On the Day I Got Kicked Out of Mime College

Dylan Loring

the red on my cheeks
overpowered the powder.
The serious principal
abandoned any semblance
of craft when he pointed at me,
then pointed at the door.

It was all because I kept
showing up early to lecture
to practice my classical moves.
Needless to say, everyone ended up
in soundproof boxes
pretty much all the time.

Being out on the streets
when you’re an eighteen-year-old mime
is actually a good business opportunity.
That is, until a cop walked up
and asked for my union card.
Then the streets became harsh.

I had to sell my striped shirt
to a dude who wore glasses
with a key-shaped bridge.
The dude was very liberal,
so I had to apologize
for my use of white-face.

In hopes of turning things around,
I fake-blended and drank a shake
made of raw eggs, then I for-real
jogged up a set of library stairs
to prove to myself that I wasn’t
just going through the motions.

I ended up sitting down on the top step,
breathlessly huffing and puffing,
then switched to crying.
When I cry, it’s completely silent
and it washes off most of my makeup.
Which it turns out is how most people cry.

Dylan Loring is a poet from Des Moines, Iowa. He recently received his MFA in Creative Writing from Minnesota State University, Mankato and teaches at the University of Wisconsin-Barron County. Some of his recent poems have appeared (or will soon appear) in Ninth Letter, Split Lip Magazine, Bridge Eight, and the minnesota review.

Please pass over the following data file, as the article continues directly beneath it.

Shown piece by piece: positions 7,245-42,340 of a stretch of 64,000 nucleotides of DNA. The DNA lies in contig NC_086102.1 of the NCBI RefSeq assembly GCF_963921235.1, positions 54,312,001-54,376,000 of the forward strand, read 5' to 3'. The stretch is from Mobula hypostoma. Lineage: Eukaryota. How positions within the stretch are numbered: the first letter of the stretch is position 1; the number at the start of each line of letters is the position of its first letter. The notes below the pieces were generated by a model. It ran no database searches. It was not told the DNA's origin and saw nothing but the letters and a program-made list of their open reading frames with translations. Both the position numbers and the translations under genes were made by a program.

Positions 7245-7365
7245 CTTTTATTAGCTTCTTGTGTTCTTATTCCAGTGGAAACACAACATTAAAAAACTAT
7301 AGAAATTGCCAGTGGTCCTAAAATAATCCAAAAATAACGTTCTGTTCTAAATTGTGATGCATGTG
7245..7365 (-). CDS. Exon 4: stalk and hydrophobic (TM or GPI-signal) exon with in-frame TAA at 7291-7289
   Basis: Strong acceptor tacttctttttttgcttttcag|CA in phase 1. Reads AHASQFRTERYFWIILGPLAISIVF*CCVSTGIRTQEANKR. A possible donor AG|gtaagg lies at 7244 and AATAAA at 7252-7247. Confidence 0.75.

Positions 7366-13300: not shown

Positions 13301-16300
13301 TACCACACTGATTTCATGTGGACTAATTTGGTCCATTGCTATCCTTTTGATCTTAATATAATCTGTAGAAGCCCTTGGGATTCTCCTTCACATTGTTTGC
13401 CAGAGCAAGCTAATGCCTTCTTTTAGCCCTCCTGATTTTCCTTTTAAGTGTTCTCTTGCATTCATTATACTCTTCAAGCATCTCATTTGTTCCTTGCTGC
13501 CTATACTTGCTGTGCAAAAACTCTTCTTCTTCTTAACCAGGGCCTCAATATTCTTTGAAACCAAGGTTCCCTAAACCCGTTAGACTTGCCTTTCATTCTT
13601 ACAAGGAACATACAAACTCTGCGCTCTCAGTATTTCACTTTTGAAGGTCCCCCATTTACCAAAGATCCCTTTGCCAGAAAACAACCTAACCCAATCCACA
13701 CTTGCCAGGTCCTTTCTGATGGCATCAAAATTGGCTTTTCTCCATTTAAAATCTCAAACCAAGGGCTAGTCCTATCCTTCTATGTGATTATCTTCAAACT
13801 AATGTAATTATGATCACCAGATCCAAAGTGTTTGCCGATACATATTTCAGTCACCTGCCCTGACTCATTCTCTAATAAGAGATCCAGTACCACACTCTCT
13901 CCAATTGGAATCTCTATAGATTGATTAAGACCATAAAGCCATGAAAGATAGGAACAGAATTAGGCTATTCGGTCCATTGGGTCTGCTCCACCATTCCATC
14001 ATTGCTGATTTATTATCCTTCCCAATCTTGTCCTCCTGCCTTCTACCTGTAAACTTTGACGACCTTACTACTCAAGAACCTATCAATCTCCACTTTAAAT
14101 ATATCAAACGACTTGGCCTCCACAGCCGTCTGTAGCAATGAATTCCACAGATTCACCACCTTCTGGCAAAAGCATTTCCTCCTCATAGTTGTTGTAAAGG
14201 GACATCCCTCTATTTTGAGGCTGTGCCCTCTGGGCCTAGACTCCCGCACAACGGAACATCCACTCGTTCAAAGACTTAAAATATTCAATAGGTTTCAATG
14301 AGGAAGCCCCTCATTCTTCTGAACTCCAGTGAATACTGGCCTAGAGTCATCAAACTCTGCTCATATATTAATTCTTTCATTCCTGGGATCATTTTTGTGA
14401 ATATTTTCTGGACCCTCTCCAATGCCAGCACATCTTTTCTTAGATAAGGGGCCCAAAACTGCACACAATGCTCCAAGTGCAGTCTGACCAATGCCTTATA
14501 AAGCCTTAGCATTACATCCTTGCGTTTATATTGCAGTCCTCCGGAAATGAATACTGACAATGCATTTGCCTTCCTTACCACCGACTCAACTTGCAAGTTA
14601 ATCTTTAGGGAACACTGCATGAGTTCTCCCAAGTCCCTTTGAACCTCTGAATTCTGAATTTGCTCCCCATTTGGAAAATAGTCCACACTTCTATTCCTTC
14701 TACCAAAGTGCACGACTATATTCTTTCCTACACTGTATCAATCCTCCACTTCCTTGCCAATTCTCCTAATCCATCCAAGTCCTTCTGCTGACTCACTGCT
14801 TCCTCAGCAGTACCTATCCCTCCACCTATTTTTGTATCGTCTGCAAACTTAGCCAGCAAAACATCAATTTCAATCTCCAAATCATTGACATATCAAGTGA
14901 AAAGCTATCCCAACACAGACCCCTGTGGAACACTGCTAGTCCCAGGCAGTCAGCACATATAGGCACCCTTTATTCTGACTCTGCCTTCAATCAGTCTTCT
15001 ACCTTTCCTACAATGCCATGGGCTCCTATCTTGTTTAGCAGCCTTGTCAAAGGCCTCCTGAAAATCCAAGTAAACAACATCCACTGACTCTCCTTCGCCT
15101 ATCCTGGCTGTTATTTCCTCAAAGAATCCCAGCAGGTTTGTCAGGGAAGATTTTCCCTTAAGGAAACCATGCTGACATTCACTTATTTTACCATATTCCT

Before the Razor
A look inside the creative process of “On the Day I Got Kicked Out of Mime College”

This is one of those rare poems that was pretty close to finished after one draft. I’m pretty sure I only changed a line or two and then fit the poem into six-line stanzas, which according to a Google search, are called sexains if they don’t appear in the final lines of a sonnet. I took inspiration from “Clown” by Chelsey Minnis, both in the sense that a mime is adjacent to a clown and that I also wanted to write a poem that was simultaneously funny and sad. At the time (as well as currently), I was interested in writing poems that feature a ridiculous character in a normal situation or vice versa, which is something I discovered after reading some of James Tate’s later collections (The Ghost Soldiers and Dome of the Hidden Pavilion, in particular). So I decided to have a mime fall on tough times. And I decided to try to rhyme overpowered with powder. And then I included a scene influenced by Rocky even though I’ve never seen the film. Like the Minnis poem, I tried to end with a punchy truth about the world (which sounds corny when I say it like that). Long story short, if you’ve never read Chelsey Minnis’s poems, you really need to, especially Poemland.